7 Deadly Health Mistakes People Make After Age 50

Elderly man holding a slice of pizza and fries
Photo by Ljupco Smokovski / Shutterstock.com

As we age, our health risks increase. After all, none of us is going to live forever.

However, we all can improve the odds of a longer, more healthful life simply by avoiding the following deadly health mistakes people tend to make after age 50.

One note: Consult your doctor before undertaking some of the practices suggested in this article.

1. Letting social connections dwindle

Loneliness can kill. A 2018 study found that isolation may double a person’s risk of dying of cardiovascular disease.

The National Institute on Aging also notes that social isolation is linked to increased risk of depression, cognitive decline, obesity and a weakened immune system.

Men are at greater risk of suffering from social isolation. As we reported in “8 Surprising Facts That Nobody Tells You About Retirement,” a survey found just 48% of retired men living alone were very satisfied with the number of friends they had.

By contrast, 71% of retired women living alone were very satisfied with their number of social connections.

So, keep the ties that bind securely fastened as you move through your golden years.

2. Continuing to eat high-sodium foods

In most Western countries, individual blood pressure readings tend to rise with age, but in other nations, this does not happen. Why not?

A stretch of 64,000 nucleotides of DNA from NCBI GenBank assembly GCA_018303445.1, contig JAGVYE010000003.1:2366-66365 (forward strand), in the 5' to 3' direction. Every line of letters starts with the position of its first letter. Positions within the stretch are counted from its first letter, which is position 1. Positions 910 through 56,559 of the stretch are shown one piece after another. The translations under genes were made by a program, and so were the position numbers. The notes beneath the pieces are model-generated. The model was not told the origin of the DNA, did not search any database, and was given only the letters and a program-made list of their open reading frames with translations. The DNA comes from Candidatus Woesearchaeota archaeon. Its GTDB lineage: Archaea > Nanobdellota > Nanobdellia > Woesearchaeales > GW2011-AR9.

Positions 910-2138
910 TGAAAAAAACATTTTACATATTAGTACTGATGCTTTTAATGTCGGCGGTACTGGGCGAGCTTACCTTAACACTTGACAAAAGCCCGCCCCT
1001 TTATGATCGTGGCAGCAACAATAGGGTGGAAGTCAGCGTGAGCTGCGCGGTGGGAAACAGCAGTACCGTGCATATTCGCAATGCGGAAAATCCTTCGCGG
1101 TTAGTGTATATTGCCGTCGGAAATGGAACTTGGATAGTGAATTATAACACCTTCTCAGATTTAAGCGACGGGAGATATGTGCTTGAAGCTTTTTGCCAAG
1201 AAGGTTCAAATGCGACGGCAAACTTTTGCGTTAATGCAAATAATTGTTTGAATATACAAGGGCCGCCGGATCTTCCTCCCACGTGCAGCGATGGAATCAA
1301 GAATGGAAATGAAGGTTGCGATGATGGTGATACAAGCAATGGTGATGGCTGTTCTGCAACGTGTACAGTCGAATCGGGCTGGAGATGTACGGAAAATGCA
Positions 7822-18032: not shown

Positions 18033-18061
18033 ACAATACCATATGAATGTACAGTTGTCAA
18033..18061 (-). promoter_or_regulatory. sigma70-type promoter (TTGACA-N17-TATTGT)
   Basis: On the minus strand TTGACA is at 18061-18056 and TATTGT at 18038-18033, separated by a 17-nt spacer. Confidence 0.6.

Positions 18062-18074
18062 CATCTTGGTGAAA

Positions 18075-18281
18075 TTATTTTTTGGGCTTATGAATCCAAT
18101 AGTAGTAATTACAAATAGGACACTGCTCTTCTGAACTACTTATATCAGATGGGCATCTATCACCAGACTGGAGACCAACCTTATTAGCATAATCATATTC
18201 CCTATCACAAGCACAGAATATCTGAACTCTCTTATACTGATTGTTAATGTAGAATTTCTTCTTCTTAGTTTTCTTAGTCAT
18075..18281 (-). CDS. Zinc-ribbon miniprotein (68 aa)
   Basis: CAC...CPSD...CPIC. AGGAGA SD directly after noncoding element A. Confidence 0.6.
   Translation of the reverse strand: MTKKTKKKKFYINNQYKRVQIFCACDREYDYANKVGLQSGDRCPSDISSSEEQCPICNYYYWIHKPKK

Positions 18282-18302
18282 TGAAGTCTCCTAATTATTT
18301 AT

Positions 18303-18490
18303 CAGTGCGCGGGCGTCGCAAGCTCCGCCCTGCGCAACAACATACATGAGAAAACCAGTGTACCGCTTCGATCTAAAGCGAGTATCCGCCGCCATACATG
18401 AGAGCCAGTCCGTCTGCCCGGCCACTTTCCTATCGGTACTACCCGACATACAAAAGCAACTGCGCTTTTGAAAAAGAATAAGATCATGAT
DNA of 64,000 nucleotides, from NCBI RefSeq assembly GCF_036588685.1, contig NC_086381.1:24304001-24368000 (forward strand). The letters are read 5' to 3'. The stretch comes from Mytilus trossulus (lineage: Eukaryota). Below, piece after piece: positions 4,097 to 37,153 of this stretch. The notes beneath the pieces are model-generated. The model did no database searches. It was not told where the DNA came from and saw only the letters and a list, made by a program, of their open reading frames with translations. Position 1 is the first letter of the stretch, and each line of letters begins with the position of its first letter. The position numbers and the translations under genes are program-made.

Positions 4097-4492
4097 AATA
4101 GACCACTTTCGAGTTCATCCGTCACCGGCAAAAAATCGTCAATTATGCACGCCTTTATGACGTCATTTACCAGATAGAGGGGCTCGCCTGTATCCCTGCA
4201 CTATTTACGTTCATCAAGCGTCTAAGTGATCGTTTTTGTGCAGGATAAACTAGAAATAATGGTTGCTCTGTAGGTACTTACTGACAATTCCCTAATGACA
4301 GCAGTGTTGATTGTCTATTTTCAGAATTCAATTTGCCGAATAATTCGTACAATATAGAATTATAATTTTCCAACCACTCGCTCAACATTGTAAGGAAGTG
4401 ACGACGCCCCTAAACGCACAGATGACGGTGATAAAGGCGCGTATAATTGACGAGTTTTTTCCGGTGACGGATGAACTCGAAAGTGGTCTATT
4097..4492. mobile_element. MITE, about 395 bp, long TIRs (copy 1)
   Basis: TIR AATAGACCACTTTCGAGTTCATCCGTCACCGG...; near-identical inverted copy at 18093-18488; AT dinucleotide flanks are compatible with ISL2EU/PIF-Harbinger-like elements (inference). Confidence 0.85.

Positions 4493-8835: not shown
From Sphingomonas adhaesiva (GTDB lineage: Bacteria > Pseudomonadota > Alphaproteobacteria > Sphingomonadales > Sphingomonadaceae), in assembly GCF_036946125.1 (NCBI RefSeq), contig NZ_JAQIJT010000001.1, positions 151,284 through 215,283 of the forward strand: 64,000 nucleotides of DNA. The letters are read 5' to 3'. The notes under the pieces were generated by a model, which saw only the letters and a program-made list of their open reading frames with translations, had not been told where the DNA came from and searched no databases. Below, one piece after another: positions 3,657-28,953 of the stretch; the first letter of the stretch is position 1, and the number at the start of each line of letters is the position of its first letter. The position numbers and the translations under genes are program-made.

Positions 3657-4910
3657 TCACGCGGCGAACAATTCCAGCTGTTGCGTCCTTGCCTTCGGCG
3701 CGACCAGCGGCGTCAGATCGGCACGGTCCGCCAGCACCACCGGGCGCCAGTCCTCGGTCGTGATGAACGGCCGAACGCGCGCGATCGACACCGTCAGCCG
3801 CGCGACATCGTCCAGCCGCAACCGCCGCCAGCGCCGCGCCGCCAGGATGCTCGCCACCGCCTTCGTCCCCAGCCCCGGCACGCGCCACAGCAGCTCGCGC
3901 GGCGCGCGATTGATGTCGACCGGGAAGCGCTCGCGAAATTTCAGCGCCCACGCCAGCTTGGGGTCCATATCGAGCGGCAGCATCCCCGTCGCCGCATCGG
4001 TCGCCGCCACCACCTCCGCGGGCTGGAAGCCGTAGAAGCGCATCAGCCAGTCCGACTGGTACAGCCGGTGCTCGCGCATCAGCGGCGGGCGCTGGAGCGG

The Centers for Disease Control and Prevention says residents of the latter group of nations consume diets that are lower in salt.

About 90% of the sodium we consume comes from salt. In addition, 90% of Americans ages 2 and older consume too much sodium.

Reduce your sodium intake, and your blood pressure should fall within a couple of weeks, helping to lower your risk of deadly heart disease and stroke, the CDC says.

3. Putting off colorectal cancer screening

The U.S. Preventive Services Task Force, a panel of experts in prevention and evidence-based medicine, recommends that all adults 50 to 75 schedule colorectal cancer screening. (For adults who are older than 75, whether to screen is a more individualized decision, as risks and benefits can vary.)

Screening can find precancerous polyps, which are the main source of colorectal cancer. Screening also can find the disease itself in its early stages, when it is most treatable.

Thanks to the Affordable Care Act, colorectal screening is among a list of preventive services that generally are free for people who have health insurance and are between the ages of 50 and 75. That eliminates the last reason for avoiding something that could save your life.

4. Skipping a daily aspirin

Not everyone over 50 should take an aspirin every day. But it can make sense for those with certain potentially life-threatening health conditions. According to the Mayo Clinic:

“The U.S. Preventive Services Task Force recommends daily aspirin therapy if you’re age 50 to 59, you’re not at increased bleeding risk, and you have an increased risk of heart attack or stroke of 10 percent or greater over the next 10 years.”

Taking aspirin makes blood platelets less “sticky,” helping to prevent the clots that lead to heart attacks and strokes, explains Harvard Medical School.